So when the entire globe crosses some tipping point or other, what is the risk that one or more of the opportunistic populations will experience a population explosion?

        Such opportunistic explosions can result in much more rapid evolution of the strain(s) involved.

        The risk isn’t from failure to grow, it’s from too much growth, and evolution, of the wrong things.

        And parallels from earlier epochs don’t matter, because they weren’t the same populations.

      • AK – I see no reason to assume that evolution would produce the “wrong things.” Why would a change in CO2 produce proportionally more “wrong things” than any other change?

        Splain that one.

      • Meh, tipping points, all over paleo.

        We can’t have evolution of the wrong things. Nope, nope, nope.

        Those ‘unsame’ populations still have the genetic machinery to adapt.

        Relax, everything is for the best in this best of all possible worlds.
        =============

      • Jim2 beat me to ‘wrong’. Some people think humans are ‘wrong’.
        =========

      • AK – I am unaware of any benefit from limiting CO2 that justifies starving billions of people.

      • AK – I am unaware of any benefit from limiting CO2 that justifies starving billions of people.Well, I could say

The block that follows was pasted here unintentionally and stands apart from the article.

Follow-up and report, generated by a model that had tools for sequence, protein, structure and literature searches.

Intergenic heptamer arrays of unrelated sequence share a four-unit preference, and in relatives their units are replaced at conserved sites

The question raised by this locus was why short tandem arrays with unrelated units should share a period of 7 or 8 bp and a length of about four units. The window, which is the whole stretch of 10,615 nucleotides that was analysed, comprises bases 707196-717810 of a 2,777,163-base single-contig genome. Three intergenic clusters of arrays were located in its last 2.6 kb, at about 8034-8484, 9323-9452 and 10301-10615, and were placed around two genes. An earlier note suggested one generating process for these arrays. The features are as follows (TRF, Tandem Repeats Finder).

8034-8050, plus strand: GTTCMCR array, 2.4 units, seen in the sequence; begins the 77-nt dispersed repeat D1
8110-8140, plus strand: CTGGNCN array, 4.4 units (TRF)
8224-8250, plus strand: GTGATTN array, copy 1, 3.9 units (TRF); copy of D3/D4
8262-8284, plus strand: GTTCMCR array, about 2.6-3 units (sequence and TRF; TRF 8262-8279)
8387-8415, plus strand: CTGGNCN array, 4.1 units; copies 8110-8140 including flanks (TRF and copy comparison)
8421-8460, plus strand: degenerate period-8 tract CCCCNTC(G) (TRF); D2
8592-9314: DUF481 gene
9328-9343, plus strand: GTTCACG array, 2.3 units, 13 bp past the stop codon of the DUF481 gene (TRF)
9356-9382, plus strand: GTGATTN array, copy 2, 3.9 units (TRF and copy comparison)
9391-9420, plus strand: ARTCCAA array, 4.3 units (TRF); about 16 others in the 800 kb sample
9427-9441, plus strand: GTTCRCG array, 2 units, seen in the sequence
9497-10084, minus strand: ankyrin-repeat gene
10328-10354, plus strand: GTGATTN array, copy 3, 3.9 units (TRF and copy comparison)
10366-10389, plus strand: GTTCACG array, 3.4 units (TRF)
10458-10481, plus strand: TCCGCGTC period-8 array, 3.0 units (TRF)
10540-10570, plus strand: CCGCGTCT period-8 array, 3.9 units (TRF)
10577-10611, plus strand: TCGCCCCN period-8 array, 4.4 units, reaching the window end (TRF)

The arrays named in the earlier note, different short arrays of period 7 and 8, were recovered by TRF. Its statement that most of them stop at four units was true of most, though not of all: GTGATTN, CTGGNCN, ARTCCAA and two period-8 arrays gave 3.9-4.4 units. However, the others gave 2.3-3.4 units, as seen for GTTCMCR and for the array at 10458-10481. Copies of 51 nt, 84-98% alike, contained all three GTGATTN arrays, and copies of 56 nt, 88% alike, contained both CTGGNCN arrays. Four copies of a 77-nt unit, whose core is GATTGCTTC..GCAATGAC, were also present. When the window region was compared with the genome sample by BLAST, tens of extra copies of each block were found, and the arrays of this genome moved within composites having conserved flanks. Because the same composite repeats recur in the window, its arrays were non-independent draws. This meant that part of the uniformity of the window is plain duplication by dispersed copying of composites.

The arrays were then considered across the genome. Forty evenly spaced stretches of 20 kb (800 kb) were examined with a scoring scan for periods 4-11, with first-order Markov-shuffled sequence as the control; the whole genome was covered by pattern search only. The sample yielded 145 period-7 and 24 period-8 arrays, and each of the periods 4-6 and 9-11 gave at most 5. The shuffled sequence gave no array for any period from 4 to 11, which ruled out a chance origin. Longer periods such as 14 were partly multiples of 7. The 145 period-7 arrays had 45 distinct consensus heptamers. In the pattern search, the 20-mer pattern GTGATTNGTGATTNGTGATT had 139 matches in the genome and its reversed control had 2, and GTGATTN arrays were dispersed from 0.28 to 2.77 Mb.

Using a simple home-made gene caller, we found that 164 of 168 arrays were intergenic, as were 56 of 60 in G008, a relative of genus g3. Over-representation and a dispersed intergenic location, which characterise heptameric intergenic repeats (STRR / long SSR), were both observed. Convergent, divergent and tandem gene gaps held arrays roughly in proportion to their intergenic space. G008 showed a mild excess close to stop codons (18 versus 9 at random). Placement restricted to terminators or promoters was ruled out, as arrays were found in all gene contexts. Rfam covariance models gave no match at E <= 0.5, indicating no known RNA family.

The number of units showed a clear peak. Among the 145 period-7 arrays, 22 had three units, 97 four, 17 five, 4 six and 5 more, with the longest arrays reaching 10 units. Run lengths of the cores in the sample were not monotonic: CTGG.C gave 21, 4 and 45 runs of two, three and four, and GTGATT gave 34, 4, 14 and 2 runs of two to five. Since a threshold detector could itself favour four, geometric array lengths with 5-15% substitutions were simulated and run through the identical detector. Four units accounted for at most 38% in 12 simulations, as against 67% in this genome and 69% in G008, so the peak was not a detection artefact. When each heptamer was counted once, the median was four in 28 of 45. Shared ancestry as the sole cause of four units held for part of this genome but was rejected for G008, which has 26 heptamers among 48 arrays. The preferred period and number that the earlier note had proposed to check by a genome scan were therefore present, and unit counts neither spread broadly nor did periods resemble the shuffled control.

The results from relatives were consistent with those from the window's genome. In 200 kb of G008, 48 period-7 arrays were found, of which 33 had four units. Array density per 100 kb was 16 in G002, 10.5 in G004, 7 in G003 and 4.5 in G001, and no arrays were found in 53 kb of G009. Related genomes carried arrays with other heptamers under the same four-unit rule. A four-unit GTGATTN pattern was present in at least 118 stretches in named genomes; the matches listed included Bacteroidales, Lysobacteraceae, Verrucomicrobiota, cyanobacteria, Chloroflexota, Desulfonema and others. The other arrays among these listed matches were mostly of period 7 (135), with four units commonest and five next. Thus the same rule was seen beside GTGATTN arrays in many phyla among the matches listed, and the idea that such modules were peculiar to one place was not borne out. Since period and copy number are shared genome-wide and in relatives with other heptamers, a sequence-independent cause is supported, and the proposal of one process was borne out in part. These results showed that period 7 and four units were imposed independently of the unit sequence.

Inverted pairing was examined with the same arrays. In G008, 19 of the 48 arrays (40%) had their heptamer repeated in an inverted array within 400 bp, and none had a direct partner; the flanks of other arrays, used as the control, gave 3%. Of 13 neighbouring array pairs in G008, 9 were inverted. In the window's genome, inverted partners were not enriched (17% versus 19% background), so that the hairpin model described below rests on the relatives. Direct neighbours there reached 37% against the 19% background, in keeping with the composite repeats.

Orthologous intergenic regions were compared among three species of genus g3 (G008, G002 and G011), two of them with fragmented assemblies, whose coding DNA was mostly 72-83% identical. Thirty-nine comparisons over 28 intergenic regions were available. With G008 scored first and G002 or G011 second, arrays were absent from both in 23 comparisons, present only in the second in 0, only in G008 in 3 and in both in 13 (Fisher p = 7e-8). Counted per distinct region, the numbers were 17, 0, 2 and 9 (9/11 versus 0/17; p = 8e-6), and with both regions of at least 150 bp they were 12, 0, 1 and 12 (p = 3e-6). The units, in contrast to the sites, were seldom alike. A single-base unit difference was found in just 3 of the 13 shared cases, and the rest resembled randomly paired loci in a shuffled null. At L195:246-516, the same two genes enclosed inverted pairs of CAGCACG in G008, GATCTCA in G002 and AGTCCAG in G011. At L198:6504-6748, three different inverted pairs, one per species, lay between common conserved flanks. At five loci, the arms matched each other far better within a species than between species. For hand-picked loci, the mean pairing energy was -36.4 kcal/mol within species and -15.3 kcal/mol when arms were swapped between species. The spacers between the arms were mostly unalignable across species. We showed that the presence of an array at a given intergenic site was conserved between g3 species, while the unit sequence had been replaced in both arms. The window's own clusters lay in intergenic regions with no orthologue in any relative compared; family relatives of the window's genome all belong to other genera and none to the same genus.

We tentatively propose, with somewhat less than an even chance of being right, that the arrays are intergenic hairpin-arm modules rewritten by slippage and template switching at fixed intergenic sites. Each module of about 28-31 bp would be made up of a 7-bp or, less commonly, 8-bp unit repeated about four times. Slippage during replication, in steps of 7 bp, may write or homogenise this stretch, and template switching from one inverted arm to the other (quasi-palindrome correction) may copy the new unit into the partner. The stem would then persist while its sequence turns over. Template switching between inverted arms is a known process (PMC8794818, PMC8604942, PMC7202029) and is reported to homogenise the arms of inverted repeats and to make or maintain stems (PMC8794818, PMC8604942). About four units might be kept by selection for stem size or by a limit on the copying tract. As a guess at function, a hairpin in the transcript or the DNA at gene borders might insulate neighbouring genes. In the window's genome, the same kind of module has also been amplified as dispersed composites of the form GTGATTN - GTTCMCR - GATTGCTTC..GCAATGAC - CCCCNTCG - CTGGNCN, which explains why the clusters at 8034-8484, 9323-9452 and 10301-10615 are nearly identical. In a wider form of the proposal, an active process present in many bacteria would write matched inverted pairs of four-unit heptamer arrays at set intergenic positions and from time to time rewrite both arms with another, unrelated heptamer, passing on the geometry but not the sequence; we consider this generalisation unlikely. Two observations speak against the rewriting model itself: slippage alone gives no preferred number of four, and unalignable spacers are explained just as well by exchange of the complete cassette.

PA = Alarmist Klaptrap

        Certainly there’s no reason to suppose that letting the pCO2 rise to 500-550 then dragging it back down to, say, 400 would be “starving billions of people.” Or even 350. Any more than similar mitigation would. We’ve been doing fine at 350-400.

      • AK = Alarmist Klaptrap

      • I’m not sure how you get that from historic data. Climate scientists can’t even agree on whether there was a significant medieval warming.

        Real Scientists agree there was a Medieval Warming. Real historians also agree that the Vikings moved to Greenland and grew crops there.

        CO2 Alarmists need the warm periods and cold periods of the past to not be true. That is why the hockey stick was promoted. The IPCC cannot still use the hockey stick because too many people really do know that Temperature does vary naturally, in a cycle the goes up and down and repeats. That the IPCC used the hockey stick even once does demonstrate they are not really about real science.